America is polarized politically, racially, morally, and religiously. Common ground with the wider culture seems to have vanished. Meanwhile, as I watch some of the angry and often violent demonstrations on television and read the vitriol on social media, I think it is not an exaggeration to say that we are in danger of mob rule. Someone has said, we are a nation addicted to rage. Yet, it is into this atmosphere of shrill voices and disdain for genuine tolerance that we have been called to represent Christ. The message we have and the lives we lead ought to permeate society and be a beacon of light in the approaching darkness. The church of Jesus Christ is still the best hope for the world. I love the church.
For thirty-six years it was my privilege to serve as the senior pastor of The Moody Church in Chicago—a church that has had a continuous ministry in the city for more than 150 years. I have witnessed many changes since the days when I was installed as the senior pastor back in 1980. At that time, the worship wars had hardly begun.
Today, I see the church as having to fight on multiple fronts while at the same time trying to maintain a positive ministry of bringing hope to the world. I see a church that desperately needs to learn the lessons that the people of God have to relearn in each generation: We have to be a church that is, in some ways, repulsive to the world because of our authentic holiness and yet very attractive to the world because of our love and care. We need to be a courageous church at the time of weak knees and carnal living. In short, we have to live lives that are a credit to the gospel we preach and the Savior we worship.
God has humbled us, and we must enter into our cultural decline not with a swagger but with humility and brokenness. And transparency. Let those of us in our churches not sit in judgment of the world, however, too often, we are the world, sharing in our culture’s sins and failures. Remember, it was because of Jonah and not the pagan sailors that the storm blew on the sea! Too often we are blind to our own darkness. We criticize the world for calling darkness light, but perhaps we do the same.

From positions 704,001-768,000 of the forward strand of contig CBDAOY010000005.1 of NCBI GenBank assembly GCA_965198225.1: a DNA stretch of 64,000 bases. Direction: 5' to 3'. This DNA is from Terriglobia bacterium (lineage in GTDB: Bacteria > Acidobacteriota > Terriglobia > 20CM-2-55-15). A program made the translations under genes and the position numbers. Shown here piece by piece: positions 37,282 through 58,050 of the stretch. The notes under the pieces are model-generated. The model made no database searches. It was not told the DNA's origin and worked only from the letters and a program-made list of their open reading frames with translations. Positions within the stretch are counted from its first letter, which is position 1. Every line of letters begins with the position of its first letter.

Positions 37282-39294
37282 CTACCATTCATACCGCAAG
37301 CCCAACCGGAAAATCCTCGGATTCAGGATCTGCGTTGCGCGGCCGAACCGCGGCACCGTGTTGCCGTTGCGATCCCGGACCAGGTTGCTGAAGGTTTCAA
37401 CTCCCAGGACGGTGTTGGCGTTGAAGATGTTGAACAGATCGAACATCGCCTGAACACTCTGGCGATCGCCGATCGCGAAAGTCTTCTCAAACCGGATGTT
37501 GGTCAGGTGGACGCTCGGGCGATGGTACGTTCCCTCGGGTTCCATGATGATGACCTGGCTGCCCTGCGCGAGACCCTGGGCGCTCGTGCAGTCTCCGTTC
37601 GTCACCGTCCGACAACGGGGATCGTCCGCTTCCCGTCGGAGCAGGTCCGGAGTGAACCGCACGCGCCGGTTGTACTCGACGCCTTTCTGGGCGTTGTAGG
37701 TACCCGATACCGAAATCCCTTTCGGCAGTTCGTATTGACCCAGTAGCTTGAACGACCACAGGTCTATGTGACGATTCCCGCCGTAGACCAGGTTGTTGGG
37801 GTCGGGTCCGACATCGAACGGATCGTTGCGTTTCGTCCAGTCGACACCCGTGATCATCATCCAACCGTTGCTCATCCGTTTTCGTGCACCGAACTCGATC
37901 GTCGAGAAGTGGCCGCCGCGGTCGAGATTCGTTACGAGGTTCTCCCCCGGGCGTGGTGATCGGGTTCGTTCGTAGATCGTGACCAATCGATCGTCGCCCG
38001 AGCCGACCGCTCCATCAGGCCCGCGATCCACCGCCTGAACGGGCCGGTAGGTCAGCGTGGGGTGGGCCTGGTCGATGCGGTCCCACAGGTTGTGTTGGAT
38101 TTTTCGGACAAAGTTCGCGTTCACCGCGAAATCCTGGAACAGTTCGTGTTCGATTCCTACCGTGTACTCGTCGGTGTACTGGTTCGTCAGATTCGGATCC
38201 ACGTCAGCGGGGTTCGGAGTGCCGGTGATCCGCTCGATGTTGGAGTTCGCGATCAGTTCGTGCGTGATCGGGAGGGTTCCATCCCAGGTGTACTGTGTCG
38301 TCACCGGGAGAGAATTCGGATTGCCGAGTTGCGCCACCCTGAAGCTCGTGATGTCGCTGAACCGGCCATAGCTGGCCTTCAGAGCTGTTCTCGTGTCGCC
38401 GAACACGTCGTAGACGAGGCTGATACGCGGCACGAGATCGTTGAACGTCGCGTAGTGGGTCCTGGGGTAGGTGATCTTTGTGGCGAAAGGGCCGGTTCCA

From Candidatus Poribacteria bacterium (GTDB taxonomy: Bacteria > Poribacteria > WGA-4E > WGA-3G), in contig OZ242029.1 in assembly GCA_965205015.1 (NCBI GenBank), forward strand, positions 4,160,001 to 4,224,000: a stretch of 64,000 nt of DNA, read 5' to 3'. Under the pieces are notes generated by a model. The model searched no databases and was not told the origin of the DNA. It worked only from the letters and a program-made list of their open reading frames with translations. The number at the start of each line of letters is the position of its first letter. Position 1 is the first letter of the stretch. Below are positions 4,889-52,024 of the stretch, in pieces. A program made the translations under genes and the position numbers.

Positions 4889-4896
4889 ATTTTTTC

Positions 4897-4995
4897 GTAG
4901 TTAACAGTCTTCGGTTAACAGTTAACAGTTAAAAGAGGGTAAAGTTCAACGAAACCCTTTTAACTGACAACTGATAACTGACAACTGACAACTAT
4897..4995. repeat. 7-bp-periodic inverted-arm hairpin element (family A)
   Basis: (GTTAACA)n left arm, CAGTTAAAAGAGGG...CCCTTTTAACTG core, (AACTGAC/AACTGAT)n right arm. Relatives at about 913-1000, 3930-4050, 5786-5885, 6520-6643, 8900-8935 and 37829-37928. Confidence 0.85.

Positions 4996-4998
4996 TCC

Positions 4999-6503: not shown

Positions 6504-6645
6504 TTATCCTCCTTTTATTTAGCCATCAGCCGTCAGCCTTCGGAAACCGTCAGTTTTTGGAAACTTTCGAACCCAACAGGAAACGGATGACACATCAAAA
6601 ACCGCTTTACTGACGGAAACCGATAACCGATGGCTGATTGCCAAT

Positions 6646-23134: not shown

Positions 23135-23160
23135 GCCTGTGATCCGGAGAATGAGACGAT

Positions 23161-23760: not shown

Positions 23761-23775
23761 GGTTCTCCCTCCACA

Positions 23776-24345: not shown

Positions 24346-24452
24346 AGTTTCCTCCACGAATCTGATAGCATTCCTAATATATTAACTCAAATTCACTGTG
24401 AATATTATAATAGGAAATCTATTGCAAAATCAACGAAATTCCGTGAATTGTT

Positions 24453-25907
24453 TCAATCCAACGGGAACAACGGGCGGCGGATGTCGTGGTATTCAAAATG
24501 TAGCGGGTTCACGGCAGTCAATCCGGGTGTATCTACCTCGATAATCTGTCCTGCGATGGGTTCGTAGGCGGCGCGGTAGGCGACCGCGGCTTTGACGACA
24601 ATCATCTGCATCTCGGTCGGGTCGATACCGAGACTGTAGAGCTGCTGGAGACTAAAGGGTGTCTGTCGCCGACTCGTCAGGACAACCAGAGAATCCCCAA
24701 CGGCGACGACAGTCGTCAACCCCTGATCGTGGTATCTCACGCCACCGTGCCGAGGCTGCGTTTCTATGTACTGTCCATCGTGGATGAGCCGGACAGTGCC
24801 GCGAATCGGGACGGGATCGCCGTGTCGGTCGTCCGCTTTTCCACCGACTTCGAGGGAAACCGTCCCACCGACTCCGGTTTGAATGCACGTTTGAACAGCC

There is much good that is taking place in our churches, but too often our light flickers and our witness goes silent. We don’t have to agree with Spanish conquistador Hernando Cortes’s motives in order to appreciate how he convinced his men to help him conquer Vera Cruz, known today as Mexico. In 1519, he took about seven-hundred men and eleven ships and after they disembarked, a clarion call went out to destroy the ships. The men watched as their only means of returning home disappeared into the ocean. The point was very simple: There was a call, and the call was conquest. And there was no turning back.
Join me on this journey that seeks to help us refocus the light that a stumbling world desperately needs. We have the privilege of heeding the call to be a light that shines in the darkness. Like the men on the Mexican shore, there is no turning back.
Jesus said to him, “No one who puts his hand to the plow and looks back is fit for the kingdom of God” (Luke 9:62).
Adapted from The Church in Babylon: Heeding the Call to be Light in the Darkness by Erwin Lutzer (August 2018). Published by Moody Publishers. Used by permission.